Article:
Lutherans can do that, right?

In one of my theology classes at university (called “Black Theology/Black Church) we were assigned the task of visiting a historically black church on a Sunday morning.  For a university that, at the time, was only 6% people of color, you can imagine this was a stretch for many in the class.

Off I went with two classmates one Sunday morning to First Church of God in Christ in Gary, Indiana.  We arrived a little early, disrupting a small Bible study taking place in the sanctuary.  And when worship started, the small Bible study turned into the small congregation, perhaps only numbering 20 in total.  And the little electric organ ramped up and we all stood up and clapped (on 2 and 4), and hands were held high and “Amens” came aplenty and we sang and sand for probably half an hour.  No hymnals, mind you. It seemed everyone got the words but us newbies…though we stumbled along.

And then the pastor came with a message, another half hour or so.  And then an offering, “the tithe” as it was called.  And then more singing.  And then a second offering, or “the gift” as it was explained. The pastor must have seen my perplexed face. And then an altar call, where no one was particularly saved but everyone was blessed.  And then gone.

And the whole thing was totally foreign to me.  Totally uncomfortable.  Doubly uncomfortable, in some ways.  I felt that my presence was a disruption…this white guy coming to watch.  And then I also felt disrupted by the strangeness of it all: I didn’t know the hymns, I didn’t shout “Amen,” I didn’t want to be saved.

And looking back I’m thinking, I’m wondering, if this experience wasn’t one of the big wedges that got stuck in my armor of atheism. It shook me up. It made me feel totally uncomfortable.

And I paid attention to it.

When something forces you out of your comfort zone, there are two natural responses: run or ridicule.

We can run from discomfort, preserving ourselves and what we already know.  As Father Richard Rohr has been known to say, “We only want to learn what we already know.” This is true in most all of life, but I see it most clearly in the church where the ruffling of the feathers means the rumbling of the masses.  We essentially decide to go find a place that makes us feel more comfortable…at least, for a while.  Because nothing is comfortable forever. Evolution is the way of all living things.  And even the relative plateau times are really just the cover for quantum leaps of change.  Even in times of so-called steadiness, the tectonic plates are shifting underneath it all.  Hence why a straw can “break the camel’s back.”  Were things not always in flux underneath the surface, a straw wouldn’t have that power.

Or we can ridicule it.  Write it off. “That’s not the way we do things,” I say, trying to preserve a sense of “we” that is largely based off of a heightened sense of “me.”  Ridicule is a philosophical tool we use to take power away from things that don’t fit in our worldview.

But we have another response that we can use: we can pay attention to the feelings of discomfort inside of us and learn from them.  Why do I feel this way?  What is the underlying thing, true or imaginary, I’m trying to hold on to?  How can this moment teach me?

Jesus employed discomfort as his tool for growth in everything that he did.  He caused everyone around him to feel uncomfortable.

The Christian church is going through this extreme time of discomfort.  It’s happening at all levels: from the denominational offices to the congregation (and even to the individual Christian).  And we can run from it; some are certainly doing that.  They’re voting with their feet and their faith.   We can ridicule it; some are certainly doing that.  “Just keep things the same until you push my casket down the aisle,” is a phrase many pastors have heard and many parishioners have entertained.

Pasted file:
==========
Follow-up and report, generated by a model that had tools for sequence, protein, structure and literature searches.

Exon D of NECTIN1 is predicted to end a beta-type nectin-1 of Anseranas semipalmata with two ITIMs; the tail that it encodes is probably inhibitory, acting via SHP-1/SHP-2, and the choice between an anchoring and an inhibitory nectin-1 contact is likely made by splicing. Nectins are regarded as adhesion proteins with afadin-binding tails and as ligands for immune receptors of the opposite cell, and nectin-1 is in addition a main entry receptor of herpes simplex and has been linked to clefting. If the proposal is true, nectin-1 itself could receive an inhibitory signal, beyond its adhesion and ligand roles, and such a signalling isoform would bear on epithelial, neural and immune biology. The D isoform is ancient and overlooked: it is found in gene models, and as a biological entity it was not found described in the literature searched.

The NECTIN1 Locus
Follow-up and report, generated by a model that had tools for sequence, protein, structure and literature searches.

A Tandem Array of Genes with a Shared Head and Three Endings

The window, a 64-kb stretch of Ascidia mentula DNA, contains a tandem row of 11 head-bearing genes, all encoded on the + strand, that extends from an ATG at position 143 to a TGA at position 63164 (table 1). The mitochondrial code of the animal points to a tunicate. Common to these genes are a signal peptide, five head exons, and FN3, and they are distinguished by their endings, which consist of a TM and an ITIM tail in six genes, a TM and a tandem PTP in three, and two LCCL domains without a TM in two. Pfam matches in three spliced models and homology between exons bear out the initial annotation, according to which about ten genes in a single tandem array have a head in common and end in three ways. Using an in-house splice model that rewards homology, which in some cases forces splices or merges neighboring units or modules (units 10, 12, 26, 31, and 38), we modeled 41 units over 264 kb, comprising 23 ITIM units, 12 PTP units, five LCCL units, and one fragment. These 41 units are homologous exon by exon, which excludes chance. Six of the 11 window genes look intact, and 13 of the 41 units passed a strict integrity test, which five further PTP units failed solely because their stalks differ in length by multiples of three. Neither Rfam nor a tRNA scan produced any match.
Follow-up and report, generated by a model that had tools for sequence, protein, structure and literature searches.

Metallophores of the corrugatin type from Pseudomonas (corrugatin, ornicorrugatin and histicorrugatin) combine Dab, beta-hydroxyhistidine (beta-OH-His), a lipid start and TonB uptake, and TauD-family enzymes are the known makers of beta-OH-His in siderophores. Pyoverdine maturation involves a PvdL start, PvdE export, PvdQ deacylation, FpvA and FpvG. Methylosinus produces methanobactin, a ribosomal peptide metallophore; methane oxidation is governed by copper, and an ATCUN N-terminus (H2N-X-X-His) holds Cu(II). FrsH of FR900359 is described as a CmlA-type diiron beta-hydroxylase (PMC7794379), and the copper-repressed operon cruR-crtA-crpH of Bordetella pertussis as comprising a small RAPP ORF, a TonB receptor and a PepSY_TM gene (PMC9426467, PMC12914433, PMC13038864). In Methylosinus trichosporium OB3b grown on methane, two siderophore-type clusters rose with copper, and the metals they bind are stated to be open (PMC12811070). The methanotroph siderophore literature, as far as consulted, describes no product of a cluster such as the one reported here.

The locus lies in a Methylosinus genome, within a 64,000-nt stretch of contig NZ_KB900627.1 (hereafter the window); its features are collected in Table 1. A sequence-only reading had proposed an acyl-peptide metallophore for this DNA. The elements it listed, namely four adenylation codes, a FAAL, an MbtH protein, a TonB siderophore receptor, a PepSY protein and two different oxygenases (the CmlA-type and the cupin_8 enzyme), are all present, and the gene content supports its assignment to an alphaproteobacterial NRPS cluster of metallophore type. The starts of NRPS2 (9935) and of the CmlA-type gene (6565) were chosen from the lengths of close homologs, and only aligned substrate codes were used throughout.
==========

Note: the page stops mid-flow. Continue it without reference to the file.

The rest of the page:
Or we can learn from it. We can let it instruct us.  We can trust that we catch a better glimpse of God in these moments of discomfort. After all, there must be some reason Jesus used this as his primary teaching tool!

Discomfort is now my friend.  We’re not best buddies; I’d like to see them less than I do sometimes.  But they always teach me something, usually something about myself and my preconceived notions.  Something I can’t learn elsewhere.

And it’s hard to learn these lessons…any other way.

It seems like after every national tragedy–and let’s be honest, tragedy on any scale–people have this “ah-ha” realization about the fragility of life.

I think that’s a pretty natural reaction.  A wake-up of sorts.

And that “ah-ha,” that realization, often gets filtered into a phrase that comes out something like this: “we’re not promised tomorrow.”  It’s a carpe diem phrase of sorts. A call to mindfulness.  A call to smell the roses.  A call to, as Qoheleth and Dave Matthews chirp, “Eat, drink, and be merry” for tomorrow we die.

Or, at least, we might die.

On the one hand, I get that sentiment.  In a cosmic sense it is absolutely true, and shouldn’t be ignored.

But the tragedy in Orlando was not some cosmically caused killing.  A meteor didn’t fall from the sky and destroy Pulse. It wasn’t some freak shark attack.

If it had been a meteor or a freak accident, then I could get behind the phrase “we’re not promised tomorrow” as a response to this terrorist attack.

But this was a terrorist with a gun living under the laws and regulations of the United States of America.  We can’t just shrug our shoulders, hold our babies closer, and hope it doesn’t happen to us.  That’s ridiculous.  On some level, uttering that phrase in response to this particular act is just plain stupid sentimentalism; a vapid romanticism.

At its core, the laws and regulations that we live under are a social contract of sorts, a promise if you will, that your tomorrow cannot be purposefully infringed upon by my actions in a way that inhibits your “life, liberty, or the pursuit of happiness.”